It’s not the crowd that’s the problem, it’s you

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      Mitski leaps to and fro across the stage of Deer Lake Park. The sun is setting on a cool summer night, and her infamous door looms as a backdrop to the acrobatic performance she somehow manages, even while belting out hauntingly cryptic lyrics. As the colours shift on stage, so too do they in the tiny rectangles of the hundreds of phones held aloft to record the artist’s every move. It looks as though about one in three zoomers have been holding their phone skyward for the past hour. You see all this, the endless sea of screens, and you think: what is wrong with this crowd?

      The National is finishing up its set. It’s a cold, rainy night at the PNE Amphitheatre, and the audience is a perfect reflection of the dreary clouds overhead. Black and grey coats sway together listlessly as the steady thrum of the band launches into the final song. A rogue teen tries to sing along off-tune, but is quickly silenced by the glares of those who surround him. You see all this, feeling as though any sudden movement would be cause for arrest, and you think: what is wrong with this crowd?

      The Airborne Toxic Event is midway through its set at the Commodore Ballroom. There’s an electricity in the air, and as the band launches into a high-energy rendition of “All I Ever Wanted,” a few bold folks at the front of the crowd put up their arms, bend their knees, and bounce enthusiastically to the beat of the lovelorn ballad. The vast majority of the room, however, merely nods along, a slight tilt of the head the only acknowledgement of the emotion blasting out before them. You see all this, amazed that cool stoicism has outweighed the joys of dancing, and you think: what is wrong with this crowd?

      Taylor Swift just took to the stage. You’re high up in the nosebleeds of a sold-out American stadium, so high up that you can barely make out the pinprick of colour that is the artist herself. Thankfully, there’s a huge screen capturing her every move, and that’s where all eyes at this level of stratosphere are staring. The roar from below is enough to rupture an eardrum, and as the biggest artist of a generation launches into the first song, her amplified voice is drowned out by the enthusiastic karaoke of 50,000+ voices all singing, screaming, screeching in unison. You see all this, shocked that you paid thousands of dollars just to hear the teens beside you scream their lungs out, and you think: what is wrong with this crowd?

      Leith Ross is playing at the Hollywood Theatre as part of their first-ever tour. It’s actually the very day that their new album, To Learn, has come out, and the mood is joyous—so much so that members of the crowd have been shouting, in the interim between songs, statements like “We love you Leith!” to which the performer bashfully thanks them. You see all this, the uninhibited yells from the audience, and you think: what is wrong with this crowd?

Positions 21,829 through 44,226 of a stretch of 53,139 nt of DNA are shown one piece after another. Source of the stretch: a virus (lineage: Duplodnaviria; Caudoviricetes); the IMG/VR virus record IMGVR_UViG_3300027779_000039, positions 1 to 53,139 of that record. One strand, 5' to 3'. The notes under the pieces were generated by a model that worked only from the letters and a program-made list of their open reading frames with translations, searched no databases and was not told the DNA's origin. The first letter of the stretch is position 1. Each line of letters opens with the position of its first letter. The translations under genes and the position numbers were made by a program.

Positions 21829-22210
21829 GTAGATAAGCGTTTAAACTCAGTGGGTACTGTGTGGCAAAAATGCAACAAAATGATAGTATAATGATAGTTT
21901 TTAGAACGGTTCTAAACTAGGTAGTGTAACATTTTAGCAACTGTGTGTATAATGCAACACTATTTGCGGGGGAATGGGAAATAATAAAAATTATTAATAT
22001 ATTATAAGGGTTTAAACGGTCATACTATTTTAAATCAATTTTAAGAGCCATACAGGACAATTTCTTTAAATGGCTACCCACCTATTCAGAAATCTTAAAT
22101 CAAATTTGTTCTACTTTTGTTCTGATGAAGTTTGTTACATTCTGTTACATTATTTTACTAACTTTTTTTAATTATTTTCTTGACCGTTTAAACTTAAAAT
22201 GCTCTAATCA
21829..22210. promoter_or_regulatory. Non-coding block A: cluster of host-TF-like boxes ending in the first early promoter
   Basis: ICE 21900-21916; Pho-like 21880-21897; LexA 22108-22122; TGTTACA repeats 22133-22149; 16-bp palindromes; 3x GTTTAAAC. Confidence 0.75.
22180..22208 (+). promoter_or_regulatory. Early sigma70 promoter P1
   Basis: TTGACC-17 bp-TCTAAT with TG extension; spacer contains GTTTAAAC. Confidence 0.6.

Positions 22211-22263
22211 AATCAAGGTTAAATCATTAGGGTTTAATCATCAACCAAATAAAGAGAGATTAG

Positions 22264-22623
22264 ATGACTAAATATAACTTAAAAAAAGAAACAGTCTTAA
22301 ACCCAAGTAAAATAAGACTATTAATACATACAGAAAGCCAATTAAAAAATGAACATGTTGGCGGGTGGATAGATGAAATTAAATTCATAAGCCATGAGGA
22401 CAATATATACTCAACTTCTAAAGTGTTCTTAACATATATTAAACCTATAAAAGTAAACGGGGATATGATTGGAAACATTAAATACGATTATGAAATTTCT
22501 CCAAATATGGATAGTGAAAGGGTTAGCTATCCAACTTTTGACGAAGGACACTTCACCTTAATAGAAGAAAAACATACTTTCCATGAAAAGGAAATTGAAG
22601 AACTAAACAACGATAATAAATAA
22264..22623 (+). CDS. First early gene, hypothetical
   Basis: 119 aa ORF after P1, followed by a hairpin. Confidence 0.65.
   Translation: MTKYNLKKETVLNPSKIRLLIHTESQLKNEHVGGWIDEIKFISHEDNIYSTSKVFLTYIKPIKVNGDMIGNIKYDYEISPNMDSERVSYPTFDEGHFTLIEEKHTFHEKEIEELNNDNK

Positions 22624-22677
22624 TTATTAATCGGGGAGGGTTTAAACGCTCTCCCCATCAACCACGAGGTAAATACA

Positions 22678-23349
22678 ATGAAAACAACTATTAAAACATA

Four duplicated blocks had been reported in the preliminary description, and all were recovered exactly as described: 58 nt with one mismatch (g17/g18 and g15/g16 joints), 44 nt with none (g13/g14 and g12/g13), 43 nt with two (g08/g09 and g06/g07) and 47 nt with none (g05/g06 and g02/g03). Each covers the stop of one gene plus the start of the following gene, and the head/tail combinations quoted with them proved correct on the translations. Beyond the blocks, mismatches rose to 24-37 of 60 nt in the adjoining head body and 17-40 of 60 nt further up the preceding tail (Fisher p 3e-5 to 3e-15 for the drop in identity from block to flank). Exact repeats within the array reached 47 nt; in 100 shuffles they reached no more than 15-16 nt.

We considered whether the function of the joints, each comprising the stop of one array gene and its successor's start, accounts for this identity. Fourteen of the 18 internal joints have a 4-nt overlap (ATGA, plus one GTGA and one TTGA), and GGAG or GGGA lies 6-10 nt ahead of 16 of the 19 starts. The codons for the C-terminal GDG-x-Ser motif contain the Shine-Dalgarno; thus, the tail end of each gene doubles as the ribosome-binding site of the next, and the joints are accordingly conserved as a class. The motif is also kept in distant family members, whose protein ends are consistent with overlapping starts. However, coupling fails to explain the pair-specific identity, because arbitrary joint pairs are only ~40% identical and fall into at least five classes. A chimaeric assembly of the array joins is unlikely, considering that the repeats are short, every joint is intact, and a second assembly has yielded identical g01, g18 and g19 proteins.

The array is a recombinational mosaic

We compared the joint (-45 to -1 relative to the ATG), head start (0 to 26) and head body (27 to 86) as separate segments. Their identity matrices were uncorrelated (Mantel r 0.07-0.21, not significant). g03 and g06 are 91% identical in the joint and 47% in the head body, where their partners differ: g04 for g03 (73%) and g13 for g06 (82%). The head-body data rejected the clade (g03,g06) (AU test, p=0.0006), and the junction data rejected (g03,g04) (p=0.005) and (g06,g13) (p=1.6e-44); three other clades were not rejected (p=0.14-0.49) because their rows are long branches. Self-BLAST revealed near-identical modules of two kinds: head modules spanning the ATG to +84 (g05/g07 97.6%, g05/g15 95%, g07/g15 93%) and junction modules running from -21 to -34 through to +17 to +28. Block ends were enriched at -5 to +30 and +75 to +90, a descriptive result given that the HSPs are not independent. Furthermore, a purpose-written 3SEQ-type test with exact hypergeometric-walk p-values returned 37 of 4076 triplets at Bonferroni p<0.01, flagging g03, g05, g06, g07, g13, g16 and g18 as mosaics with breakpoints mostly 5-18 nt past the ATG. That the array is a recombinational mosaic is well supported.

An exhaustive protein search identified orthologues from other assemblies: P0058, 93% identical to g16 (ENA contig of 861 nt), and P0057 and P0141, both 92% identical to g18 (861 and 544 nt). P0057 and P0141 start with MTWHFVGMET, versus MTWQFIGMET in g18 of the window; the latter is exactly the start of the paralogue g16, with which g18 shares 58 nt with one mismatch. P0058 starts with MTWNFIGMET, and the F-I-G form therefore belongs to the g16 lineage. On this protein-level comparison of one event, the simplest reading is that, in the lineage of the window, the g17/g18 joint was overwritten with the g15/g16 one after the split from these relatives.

PUP has been absolutely bringing down the house at the Vogue Theatre. There are mosh pits, crowd surfing, a frenetic cacophony of sweat and chaos. People are pushing and shoving their way into the pit, their way to the front, their way to the bar. Any sense of personal space is gone when you’re in proximity to the stage. You see all this, the reckless abandon and flying elbows, and you think: what is wrong with this crowd?

      …You get where we’re going with this. Great artists draw crowds of all ages and attitudes. What is suitable for one show might be wildly inappropriate at another (even if most are, we’ll admit, generally sad indie rock). Obviously don’t try to start a mosh pit at The National, and don’t expect respectful silence at a PUP show.

      Sure, the line gets a little blurry somewhere in between, and there are always going to be some people behaving “badly” at shows; but to pin the onus of that behaviour on an entire demographic, generation, or genre, especially if you’re actually the odd one out, is to miss the point entirely of why different musical stylings and performance experiences exist.

      And, lastly, Phoebe Bridgers is standing centre stage at the Orpheum. They’re seated tickets, but the entire audience is on its feet. As she speaks into her microphone between songs, Bridgers commands the undivided attention of every soul in the room. That is, every soul that is not somehow still waiting in the seemingly infinite merch lineup, which snakes its way up three levels of stairs on one end and nearly out the northward exit doors on the other. You see this as you step out to the washroom to get some air, and you think: oh shit. Guess I’d better get in line.